“Heritage is faster,” is another myth holding us back. We have now driven that into the heads of undergraduate engineers so hard that most have lost the ability to innovate and typically start with an existing design to claim cost advantages for the development of their senior design projects. Still, any advantages of starting with off-the-shelf hardware are immediately mitigated by the first swipe of the refining pencil.
Consider the history, still on paper, of the Ares 1 and 5. Four-segment solid-rocket boosters, common with the space shuttle have now mutated into brand new five-segment boosters, with different propellant grain, nozzles, stiffened structure and thrust oscillation characteristics. The shuttle external tank design has to be modified to handle the compression caused by five or six rocket engines pushing from below. These “heritage” designs require all of the structural and thermal loads analysis and testing that a clean sheet design would require along with band aids addressing the original design’s inefficiencies. Accordingly, preliminary design reviews and critical design reviews have gapped to the right from their original heritage-based streamlined prognostications.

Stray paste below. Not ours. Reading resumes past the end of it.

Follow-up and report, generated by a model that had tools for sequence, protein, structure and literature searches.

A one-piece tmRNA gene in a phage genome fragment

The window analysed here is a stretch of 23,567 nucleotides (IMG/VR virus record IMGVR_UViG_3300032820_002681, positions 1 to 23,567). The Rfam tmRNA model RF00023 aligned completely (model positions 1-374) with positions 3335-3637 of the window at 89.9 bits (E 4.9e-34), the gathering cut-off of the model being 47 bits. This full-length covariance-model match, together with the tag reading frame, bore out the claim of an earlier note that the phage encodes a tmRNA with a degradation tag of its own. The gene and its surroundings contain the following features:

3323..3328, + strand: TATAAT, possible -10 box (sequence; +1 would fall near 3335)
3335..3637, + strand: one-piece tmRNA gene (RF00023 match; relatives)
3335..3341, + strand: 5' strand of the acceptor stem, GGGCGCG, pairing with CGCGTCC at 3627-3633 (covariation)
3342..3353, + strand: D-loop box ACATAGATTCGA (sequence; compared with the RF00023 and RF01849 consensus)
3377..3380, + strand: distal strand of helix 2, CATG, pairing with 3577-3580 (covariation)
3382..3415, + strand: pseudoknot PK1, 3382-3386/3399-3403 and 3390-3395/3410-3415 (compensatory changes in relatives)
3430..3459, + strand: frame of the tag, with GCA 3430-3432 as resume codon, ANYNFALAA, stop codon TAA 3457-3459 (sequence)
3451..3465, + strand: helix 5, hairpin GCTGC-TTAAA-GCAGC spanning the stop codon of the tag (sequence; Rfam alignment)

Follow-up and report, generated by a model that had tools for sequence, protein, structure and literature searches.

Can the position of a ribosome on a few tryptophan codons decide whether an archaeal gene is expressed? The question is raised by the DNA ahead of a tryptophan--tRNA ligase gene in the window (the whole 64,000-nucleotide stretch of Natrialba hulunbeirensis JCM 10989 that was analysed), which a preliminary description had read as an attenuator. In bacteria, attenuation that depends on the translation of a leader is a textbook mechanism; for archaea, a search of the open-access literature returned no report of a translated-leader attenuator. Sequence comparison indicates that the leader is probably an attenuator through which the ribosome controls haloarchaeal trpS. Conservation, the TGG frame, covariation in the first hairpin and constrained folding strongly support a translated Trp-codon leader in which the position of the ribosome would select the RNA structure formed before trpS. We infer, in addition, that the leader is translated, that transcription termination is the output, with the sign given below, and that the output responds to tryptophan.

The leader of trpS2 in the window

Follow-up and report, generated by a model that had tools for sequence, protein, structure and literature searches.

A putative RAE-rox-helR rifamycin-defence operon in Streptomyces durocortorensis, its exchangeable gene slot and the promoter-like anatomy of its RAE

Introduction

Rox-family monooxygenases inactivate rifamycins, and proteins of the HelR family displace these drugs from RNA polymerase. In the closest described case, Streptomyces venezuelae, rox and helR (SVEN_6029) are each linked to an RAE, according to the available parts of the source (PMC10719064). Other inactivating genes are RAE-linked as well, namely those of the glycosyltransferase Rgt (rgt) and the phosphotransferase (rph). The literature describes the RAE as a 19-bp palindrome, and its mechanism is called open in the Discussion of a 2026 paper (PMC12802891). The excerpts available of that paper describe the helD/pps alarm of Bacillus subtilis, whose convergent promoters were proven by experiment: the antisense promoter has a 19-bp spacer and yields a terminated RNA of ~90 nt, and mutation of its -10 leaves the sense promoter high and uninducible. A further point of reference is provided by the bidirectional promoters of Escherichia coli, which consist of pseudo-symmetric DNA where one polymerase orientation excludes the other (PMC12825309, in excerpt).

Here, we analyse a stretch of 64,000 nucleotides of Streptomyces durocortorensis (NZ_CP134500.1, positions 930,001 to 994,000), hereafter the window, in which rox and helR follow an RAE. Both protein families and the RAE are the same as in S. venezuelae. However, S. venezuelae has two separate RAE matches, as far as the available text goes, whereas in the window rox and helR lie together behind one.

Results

The Constellation Program with its component parts, Ares 1 Orion capsule lifter and matching Ares 5 Heavy Lift Vehicle have long been political pork barrel projects in my view. They have little or no value in building an important space infrastructure that’s needed to extend mankind’s push into the Inner Solar System.
The Constellation Program is based more on Pyramid Building than anything else and is destined to last a lot less!
One only has to witness what U.S. Rep. Gabrielle Giffords, who is married to a NASA astronaut by the way, said to Norm Augustine at the Congressional hearings last week:
[…]the U.S. could not “gain anything by confusing hypothetical commercial capabilities that might someday exist with what we can actually count on now to meet the nation’s needs.”
That could be one of the reasons SpaceX moved up its launch date using a Dragon capsule instead of a test-launch fairing, but that is just an observation on my part.
It doesn’t look like the Pentagon isn’t going to publicize their space tech anytime soon, and NASA is beholden to special interests, so it looks like good ol’ fashioned capitalistic greed might be an incentive for a civil space program, so go SpaceX!
To be fair, NASA has moved up its launch date of the Ares 1-X rocket with dummy ordinance on it to October 27, 2009 instead of Halloween (Oct. 31st).
Hmm, maybe Augustine’s report already is having an impact, wouldn’t you say?